Hiking Page and the Surrounding Area
Page Rim Trail
Page’s Rim Trail offers excellent outdoor enjoyment for both residents of Page and visitors alike. The trail follows the perimeter of the Manson Mesa upon which the City of Page is built, along an approximately 12-mile course (see map trail outline in red). Hiking distance can be shortened to approximately 10 miles by bypassing Potato Hill (see map trail outline in green). The views are incredible: to the west are the Vermilion Cliffs and Glen Canyon Dam, to the north Antelope Island and the Kaiparowits Plateau, and to the east Navajo Mountain, Tower Butte, and Antelope Canyon.
The Rim Trail is mostly a level, flat hike with just a few short grades. There is no shade anywhere along the trail, so during summer months it is best to hike in the morning or evening. Two liters of water are necessary for summer hikes, one liter for winter hikes. The Rim Trail may be accessed from several places within Page: the North Navajo trailhead, North Lake Powell Blvd below the Best Western hotel, Date Street at North Navajo, and behind the Page Public Library.
This guide uses hiking times rather than miles. Hiking times are based upon a 4-mile per hour pace. For ease of access for Page visitors, this guide begins at North Lake Powell Blvd behind the McDonalds and proceeds clockwise around Page.
North Lake Powell Blvd to the (West) North Navajo Trailhead Sign – 19 minutes
- Trail starts just behind the McDonalds then follows two switchbacks to the rim of the mesa. Please stay on the trail and do not cut across the switchbacks. Cutting switchbacks leads to rapid erosion.
(West) North Navajo Trailhead Sign Around Potato Hill to the (East) North Navajo Trailhead Sign – 30 minutes
- Note that people on ORVs have damaged the trail on the east side of Potato Hill; watch closely for the hiking trail.
North Navajo Trailhead Sign to Navajo Generating Station Interpretive Panel – 23 minutes
- When you come to forks in the trail, stay left. Great views through this section and easy access to the rim of Glen Canyon. As of this writing, you are more than 115 feet above Lake Powell. Do not attempt to cliff-dive, you will not survive. If hiking down to the rim, be careful not to hike through the microbiotic soils.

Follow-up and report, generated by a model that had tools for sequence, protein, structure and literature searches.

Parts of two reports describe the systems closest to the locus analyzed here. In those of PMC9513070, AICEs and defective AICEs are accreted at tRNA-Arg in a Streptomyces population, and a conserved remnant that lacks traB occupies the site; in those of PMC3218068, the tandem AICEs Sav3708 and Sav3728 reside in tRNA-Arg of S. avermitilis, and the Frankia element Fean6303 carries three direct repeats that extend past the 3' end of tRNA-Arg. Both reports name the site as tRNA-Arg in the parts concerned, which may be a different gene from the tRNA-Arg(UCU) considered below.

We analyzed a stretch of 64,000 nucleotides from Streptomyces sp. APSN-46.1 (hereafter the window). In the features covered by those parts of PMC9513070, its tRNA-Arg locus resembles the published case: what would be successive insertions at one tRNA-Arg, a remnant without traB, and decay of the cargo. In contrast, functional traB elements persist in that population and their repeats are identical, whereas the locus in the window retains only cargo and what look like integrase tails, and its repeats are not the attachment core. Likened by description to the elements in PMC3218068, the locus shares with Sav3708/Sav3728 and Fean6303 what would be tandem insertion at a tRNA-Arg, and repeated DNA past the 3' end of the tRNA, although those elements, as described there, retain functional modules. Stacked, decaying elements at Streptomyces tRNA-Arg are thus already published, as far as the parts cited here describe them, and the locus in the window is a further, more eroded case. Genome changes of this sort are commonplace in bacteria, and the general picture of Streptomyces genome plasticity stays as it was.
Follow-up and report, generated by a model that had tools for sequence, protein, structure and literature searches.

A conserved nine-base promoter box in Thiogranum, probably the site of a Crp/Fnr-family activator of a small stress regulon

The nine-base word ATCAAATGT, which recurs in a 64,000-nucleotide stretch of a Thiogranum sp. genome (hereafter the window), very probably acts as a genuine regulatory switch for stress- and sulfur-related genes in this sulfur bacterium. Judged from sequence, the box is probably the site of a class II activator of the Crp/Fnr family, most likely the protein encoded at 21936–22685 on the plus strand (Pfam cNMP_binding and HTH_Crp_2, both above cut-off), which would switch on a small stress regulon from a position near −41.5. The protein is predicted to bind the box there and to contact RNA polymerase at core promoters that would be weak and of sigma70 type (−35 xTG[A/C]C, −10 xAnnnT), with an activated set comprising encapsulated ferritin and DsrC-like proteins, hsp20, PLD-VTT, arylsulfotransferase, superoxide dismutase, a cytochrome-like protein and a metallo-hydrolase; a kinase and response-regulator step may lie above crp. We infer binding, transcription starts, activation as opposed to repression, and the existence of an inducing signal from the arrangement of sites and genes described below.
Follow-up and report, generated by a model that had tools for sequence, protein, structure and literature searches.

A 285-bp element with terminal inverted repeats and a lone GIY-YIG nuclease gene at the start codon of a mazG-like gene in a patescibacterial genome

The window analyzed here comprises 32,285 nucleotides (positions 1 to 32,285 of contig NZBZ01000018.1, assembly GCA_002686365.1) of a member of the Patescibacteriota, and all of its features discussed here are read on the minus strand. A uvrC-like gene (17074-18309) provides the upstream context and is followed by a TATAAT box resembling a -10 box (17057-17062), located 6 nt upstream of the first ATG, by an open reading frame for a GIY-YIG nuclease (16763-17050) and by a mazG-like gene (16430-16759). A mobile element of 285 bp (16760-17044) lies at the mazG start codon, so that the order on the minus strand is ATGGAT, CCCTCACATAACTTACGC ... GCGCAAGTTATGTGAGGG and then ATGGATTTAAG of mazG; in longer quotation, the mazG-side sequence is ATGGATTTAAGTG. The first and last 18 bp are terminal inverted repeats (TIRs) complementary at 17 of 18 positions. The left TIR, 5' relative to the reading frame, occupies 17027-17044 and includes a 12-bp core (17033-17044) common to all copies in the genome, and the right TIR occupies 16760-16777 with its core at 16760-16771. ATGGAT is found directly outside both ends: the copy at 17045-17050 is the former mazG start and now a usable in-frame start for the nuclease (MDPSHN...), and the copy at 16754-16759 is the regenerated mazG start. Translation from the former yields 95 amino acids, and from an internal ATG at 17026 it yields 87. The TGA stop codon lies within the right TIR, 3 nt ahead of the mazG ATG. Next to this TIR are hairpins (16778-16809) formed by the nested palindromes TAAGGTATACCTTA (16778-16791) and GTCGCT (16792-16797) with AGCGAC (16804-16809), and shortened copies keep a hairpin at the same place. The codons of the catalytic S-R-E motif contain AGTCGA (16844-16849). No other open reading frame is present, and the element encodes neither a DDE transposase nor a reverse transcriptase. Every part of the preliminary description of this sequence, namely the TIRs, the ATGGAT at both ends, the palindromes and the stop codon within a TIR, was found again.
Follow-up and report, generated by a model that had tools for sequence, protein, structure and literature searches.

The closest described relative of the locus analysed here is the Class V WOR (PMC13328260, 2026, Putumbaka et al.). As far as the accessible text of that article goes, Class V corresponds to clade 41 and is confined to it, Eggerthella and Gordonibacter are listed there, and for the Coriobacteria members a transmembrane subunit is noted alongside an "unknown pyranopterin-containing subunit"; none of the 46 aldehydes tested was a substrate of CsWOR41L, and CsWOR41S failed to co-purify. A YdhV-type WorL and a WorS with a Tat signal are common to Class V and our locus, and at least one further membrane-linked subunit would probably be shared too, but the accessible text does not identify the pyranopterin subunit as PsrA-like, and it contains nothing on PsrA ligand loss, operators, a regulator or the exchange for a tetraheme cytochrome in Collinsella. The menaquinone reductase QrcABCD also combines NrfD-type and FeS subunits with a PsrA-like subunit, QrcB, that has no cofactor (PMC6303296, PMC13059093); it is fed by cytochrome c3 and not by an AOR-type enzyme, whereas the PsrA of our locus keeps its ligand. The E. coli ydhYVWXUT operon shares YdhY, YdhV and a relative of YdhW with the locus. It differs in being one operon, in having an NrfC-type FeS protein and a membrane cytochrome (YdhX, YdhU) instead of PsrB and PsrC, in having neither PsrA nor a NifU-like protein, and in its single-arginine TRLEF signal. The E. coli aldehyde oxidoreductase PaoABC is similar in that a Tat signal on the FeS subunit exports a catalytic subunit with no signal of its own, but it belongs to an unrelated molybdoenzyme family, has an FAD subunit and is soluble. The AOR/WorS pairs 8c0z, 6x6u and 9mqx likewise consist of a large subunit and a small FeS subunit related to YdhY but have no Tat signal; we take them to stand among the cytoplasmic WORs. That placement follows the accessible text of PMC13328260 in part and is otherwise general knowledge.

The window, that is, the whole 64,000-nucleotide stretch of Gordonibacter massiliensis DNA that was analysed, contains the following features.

Navajo Generating Station Interpretive Panel to Metal Foot Bridge – 45 minutes
- Antelope Canyon is in view to your left. You can get down to the rim of Antelope Canyon, but you can’t get into the canyon from here. Also, Antelope Canyon is in Navajo Tribal Land; you should not hike there without permission.
Metal Foot Bridge to Coppermine Road – 10 minutes
- This area has really been trashed by people on ORVs. Navigate as best you can toward the Vermilion Cliffs—you will intersect the trail again.
Coppermine Road to Page Public Library – 15 minutes
- This is a confusing road crossing. Angle toward the mesa edge and you will find the trail again.
Page Public Library to North Lake Powell Blvd – 29 minutes
- The trail passes behind and below the library. Cross South Lake Powell Blvd. You are paralleling the golf course all the way. In the summer, there are green water coolers along the golf cart path
Trail Notes by Kirk W. Robinson, Summer 2004
Many of the more recognized hikes in Glen Canyon NRA take the visitor through side canyons and slots in the pink-hued Navajo Sandstone of the early to mid Jurassic period (see geology chart on the Natural History page). But northwest of Page, Arizona, and still within Glen Canyon NRA, the geology changes to the more neutrally colored sandstones of the late Jurassic-early Cretaceous periods.